CMS Proposes Reduced Hospital DSH Cuts
In its proposed rule, the agency outlined five areas that the law says must be taken into account in considering how much to cut DSH funding to states.
- Low DSH states receive smaller reductions.
- States with the lowest percentages of uninsured individuals receive larger reductions.
- States that do not target their DSH payments to hospitals with high volumes of Medicaid beneficiaries receive larger reductions.
- States that do not target their DSH payments on hospitals with high levels of uncompensated care receive larger reductions.
- States that have increased coverage under section 1115 demonstrations as of July 31, 2009, and adjusted their DSH allotments, will have these adjustments taken into account.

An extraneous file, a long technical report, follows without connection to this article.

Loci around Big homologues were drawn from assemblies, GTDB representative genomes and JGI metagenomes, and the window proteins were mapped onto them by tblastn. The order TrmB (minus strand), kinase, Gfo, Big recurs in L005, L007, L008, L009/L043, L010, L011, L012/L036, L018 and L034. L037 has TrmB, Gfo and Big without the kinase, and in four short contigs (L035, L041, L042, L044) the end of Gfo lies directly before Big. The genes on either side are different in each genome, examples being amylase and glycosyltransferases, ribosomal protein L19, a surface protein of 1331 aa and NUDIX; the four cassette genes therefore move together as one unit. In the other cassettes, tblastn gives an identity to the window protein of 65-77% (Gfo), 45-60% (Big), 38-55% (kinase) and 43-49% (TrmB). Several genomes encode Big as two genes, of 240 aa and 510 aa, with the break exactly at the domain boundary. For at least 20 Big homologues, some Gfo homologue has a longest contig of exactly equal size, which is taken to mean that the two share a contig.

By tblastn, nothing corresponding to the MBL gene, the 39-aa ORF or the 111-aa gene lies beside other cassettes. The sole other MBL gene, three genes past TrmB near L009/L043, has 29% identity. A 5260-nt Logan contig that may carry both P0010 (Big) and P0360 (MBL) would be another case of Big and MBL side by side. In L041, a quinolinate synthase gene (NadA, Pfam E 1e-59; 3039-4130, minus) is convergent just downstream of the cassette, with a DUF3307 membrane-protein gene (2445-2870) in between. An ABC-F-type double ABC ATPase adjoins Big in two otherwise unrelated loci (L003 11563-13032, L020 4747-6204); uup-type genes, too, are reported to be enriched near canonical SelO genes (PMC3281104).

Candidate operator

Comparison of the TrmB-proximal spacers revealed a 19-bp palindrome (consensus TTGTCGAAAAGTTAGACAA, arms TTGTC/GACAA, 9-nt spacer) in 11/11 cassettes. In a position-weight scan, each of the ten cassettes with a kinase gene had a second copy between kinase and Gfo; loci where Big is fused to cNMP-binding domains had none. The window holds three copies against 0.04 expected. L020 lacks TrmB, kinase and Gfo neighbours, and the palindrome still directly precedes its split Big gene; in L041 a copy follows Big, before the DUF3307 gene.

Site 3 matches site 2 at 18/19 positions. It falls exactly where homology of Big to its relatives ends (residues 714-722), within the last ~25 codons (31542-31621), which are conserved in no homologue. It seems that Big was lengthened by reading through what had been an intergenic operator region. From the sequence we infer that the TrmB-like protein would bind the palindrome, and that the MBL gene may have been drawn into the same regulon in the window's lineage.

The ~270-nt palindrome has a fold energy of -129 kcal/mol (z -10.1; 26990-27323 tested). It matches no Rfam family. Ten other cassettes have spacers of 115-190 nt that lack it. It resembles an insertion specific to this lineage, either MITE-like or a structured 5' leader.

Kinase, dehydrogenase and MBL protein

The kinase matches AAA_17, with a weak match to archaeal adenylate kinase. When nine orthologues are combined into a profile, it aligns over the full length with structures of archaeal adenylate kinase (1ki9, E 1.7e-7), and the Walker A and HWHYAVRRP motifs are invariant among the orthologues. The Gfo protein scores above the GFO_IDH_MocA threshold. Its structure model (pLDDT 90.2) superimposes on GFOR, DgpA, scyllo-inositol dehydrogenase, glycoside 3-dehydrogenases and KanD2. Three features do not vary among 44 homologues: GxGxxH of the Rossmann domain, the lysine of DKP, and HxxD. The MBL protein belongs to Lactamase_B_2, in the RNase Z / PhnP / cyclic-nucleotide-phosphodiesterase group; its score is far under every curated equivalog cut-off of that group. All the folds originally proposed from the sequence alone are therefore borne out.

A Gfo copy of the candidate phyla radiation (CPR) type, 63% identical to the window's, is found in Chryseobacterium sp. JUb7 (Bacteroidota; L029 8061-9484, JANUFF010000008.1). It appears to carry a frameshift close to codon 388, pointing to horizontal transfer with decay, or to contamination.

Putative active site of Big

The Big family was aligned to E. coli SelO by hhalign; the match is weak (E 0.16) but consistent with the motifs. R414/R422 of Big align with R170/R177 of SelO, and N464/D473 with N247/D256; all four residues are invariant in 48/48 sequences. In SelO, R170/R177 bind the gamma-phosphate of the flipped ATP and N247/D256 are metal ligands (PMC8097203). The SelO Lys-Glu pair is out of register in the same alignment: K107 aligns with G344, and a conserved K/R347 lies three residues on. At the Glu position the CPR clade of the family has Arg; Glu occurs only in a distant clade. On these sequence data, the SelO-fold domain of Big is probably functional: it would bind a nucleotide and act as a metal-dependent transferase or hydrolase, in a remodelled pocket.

In a letter to Rep. Lewis supporting his legislation to delay all the cuts for two years, Pollack wrote that the healthcare reform law in 2010 was expected to provide "an additional 32 million Americans with healthcare coverage by 2019, and therefore Congress deemed it appropriate to reduce payments to the DSH programs under the assumption that fewer uninsured individuals would be accessing hospital care."
But last year, the Supreme Court determined "that the federal government could not force states to add additional beneficiaries to their Medicaid programs," a decision that "has negatively impacted projected health insurance expansion, with the Congressional budget Office recently estimating 27 million Americans will be covered under the ACA— a decline of 5 million insured individuals. In addition, there is uncertainty surrounding the level of coverage that will be obtained through the exchanges."
Cheryl Clark is senior quality editor and California correspondent for HealthLeaders Media. She is a member of the Association of Health Care Journalists.
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